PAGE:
Gaming Performance

What struck me while testing the Razer Blade 14-inch in gaming was just how fast it actually was. The  NVIDIA GeForce GTX 765M is an unusually powerful part for this class, and in circumstances where it isn't limited by its 128-bit memory bus, it's actually capable of performing faster than last generation's GeForce GTX 580M. Getting the performance equivalent of a GTX 580M (or desktop GeForce GTX 560) in a 14-inch notebook is remarkable.

We're also benefitting from NVIDIA's GPU Boost 2.0; while the nominal clock of the GTX 765M is 797MHz, I monitored GPU clocks with GPU-Z during gaming and found that the core never dropped below 901MHz. The thermal design of the Blade also proved itself, with the GPU running at a remarkably low 74C.

Bioshock Infinite - Value

Elder Scrolls: Skyrim - Value

GRID 2 - Value

Metro: Last Light - Value

Sleeping Dogs - Value

StarCraft II: Heart of the Swarm - Value

Tomb Raider - Value

Obviously with a dedicated gaming system there's very little reason to run at our "Value" settings, but this is more to create a frame of reference for the "Mainstream" and "Enthusiast" settings. It's interesting to see the 765M sort of "dance around" the Value charts.

Bioshock Infinite - Mainstream

Elder Scrolls: Skyrim - Mainstream

GRID 2 - Mainstream

Metro: Last Light - Mainstream

Sleeping Dogs - Mainstream

StarCraft II: Heart of the Swarm - Mainstream

Tomb Raider - Mainstream

Get to our mainstream settings and it's easy to see the places where the 765M is starting to buckle. It provides playable performance in every game, but certain ones seem to be hitting up against the limited memory bandwidth.

Bioshock Infinite - Enthusiast

Elder Scrolls: Skyrim - Enthusiast

GRID 2 - Enthusiast

Metro: Last Light - Enthusiast

Sleeping Dogs - Enthusiast

StarCraft II: Heart of the Swarm - Enthusiast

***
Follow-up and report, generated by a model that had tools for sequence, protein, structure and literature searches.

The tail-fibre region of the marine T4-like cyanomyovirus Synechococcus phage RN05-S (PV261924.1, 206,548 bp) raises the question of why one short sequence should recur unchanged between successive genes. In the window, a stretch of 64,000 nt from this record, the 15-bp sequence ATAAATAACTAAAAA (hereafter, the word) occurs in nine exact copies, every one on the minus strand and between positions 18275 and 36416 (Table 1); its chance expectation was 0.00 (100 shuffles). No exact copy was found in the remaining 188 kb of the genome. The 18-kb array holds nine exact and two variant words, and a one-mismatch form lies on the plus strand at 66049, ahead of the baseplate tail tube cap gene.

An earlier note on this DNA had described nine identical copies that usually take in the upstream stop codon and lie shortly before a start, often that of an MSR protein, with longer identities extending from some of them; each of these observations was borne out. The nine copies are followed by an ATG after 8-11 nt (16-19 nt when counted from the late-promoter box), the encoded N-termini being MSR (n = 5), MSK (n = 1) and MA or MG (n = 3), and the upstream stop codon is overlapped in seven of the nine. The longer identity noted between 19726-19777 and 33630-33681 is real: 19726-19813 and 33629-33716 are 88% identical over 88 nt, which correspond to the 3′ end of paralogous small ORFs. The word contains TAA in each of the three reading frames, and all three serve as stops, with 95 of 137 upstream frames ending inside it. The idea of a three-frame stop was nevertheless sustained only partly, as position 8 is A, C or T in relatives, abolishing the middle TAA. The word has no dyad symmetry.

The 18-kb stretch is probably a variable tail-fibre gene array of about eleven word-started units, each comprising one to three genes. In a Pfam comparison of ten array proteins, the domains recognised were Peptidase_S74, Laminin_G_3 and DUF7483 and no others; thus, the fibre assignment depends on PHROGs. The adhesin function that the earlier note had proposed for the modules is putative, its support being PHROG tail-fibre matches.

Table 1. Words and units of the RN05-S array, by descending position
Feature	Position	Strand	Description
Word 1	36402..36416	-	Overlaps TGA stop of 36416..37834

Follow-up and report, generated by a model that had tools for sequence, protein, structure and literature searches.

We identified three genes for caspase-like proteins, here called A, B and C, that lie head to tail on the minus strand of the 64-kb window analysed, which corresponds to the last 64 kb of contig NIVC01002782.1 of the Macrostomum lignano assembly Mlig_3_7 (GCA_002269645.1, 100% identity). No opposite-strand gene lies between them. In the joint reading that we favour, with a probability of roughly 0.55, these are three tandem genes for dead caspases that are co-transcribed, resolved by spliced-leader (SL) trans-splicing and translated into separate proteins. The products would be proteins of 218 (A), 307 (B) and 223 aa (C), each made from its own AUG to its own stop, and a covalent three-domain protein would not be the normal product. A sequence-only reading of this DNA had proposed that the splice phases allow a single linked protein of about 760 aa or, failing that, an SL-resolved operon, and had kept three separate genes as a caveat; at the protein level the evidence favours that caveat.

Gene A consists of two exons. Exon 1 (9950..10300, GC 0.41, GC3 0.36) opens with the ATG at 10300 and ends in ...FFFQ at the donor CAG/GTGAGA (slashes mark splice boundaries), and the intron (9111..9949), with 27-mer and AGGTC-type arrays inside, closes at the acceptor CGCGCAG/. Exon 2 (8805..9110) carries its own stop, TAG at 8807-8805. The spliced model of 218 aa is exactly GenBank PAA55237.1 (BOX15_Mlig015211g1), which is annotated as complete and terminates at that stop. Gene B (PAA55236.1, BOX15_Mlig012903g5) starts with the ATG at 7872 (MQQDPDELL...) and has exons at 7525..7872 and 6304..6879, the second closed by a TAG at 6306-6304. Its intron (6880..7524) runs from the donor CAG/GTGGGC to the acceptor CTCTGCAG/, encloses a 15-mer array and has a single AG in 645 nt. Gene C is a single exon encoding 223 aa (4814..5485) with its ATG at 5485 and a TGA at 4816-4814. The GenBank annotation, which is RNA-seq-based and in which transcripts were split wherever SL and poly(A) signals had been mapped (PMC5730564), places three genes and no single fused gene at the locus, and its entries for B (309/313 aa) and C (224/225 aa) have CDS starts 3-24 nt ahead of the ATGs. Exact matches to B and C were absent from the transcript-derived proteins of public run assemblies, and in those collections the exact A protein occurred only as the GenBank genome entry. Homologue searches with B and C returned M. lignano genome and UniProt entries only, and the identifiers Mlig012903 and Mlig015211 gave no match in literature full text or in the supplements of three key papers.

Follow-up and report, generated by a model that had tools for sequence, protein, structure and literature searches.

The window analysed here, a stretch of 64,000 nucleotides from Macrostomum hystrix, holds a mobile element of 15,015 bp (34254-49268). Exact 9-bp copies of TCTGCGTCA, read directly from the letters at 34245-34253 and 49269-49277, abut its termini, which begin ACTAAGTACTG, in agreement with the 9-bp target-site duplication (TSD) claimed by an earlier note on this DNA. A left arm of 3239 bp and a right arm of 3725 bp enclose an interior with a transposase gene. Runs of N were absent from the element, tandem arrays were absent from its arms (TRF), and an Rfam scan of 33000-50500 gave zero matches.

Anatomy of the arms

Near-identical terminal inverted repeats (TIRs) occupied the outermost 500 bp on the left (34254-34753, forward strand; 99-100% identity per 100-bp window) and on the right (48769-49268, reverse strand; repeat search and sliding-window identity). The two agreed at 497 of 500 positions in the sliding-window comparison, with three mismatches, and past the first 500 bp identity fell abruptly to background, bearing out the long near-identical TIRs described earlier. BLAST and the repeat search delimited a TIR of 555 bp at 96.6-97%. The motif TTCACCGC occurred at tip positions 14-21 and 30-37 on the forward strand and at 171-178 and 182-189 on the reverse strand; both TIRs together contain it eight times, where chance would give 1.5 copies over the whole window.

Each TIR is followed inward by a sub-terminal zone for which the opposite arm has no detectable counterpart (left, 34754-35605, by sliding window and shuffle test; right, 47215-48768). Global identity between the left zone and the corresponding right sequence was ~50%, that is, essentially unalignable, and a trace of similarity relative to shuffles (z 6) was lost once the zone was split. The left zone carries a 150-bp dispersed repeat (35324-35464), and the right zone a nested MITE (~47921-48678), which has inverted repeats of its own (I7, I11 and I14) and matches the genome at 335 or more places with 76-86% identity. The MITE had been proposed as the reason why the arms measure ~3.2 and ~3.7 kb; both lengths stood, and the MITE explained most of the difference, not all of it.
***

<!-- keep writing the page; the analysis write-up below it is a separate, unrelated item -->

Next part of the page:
Tomb Raider - Enthusiast

Unsurprisingly, bumping the resolution and adding anti-aliasing murders performance. At this point the memory subsystem is definitely overloaded and can't handle the demands being made upon it. 1080p gaming should be possible in most titles on the 765M if you're willing to cut anti-aliasing and reduce some settings, though.

System and Futuremark Performance Display, Battery, Noise, and Heat
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  • Dustin Sklavos - Tuesday, July 2, 2013 - link

    If you think the rest of the industry is any different, I have a bridge to sell you. We review what we're sent, same as anyone else.

    But that doesn't make us a mouthpiece. I'd like to think we're pretty critical; we may review what we're sent, but we put the screws to it.
  • bji - Tuesday, July 2, 2013 - link

    Why do you review only what you're sent? Can't you have a budget where you buy hardware, review it, and then re-sell it? Every review would cost a couple hundred bucks to produce but that can't be much averaged over the time you spent writing the review (if I spent 20 hours writing a review, the time cost would far exceed a couple of hundred dollars spent on the hardware), and also, you make advertising revenue ...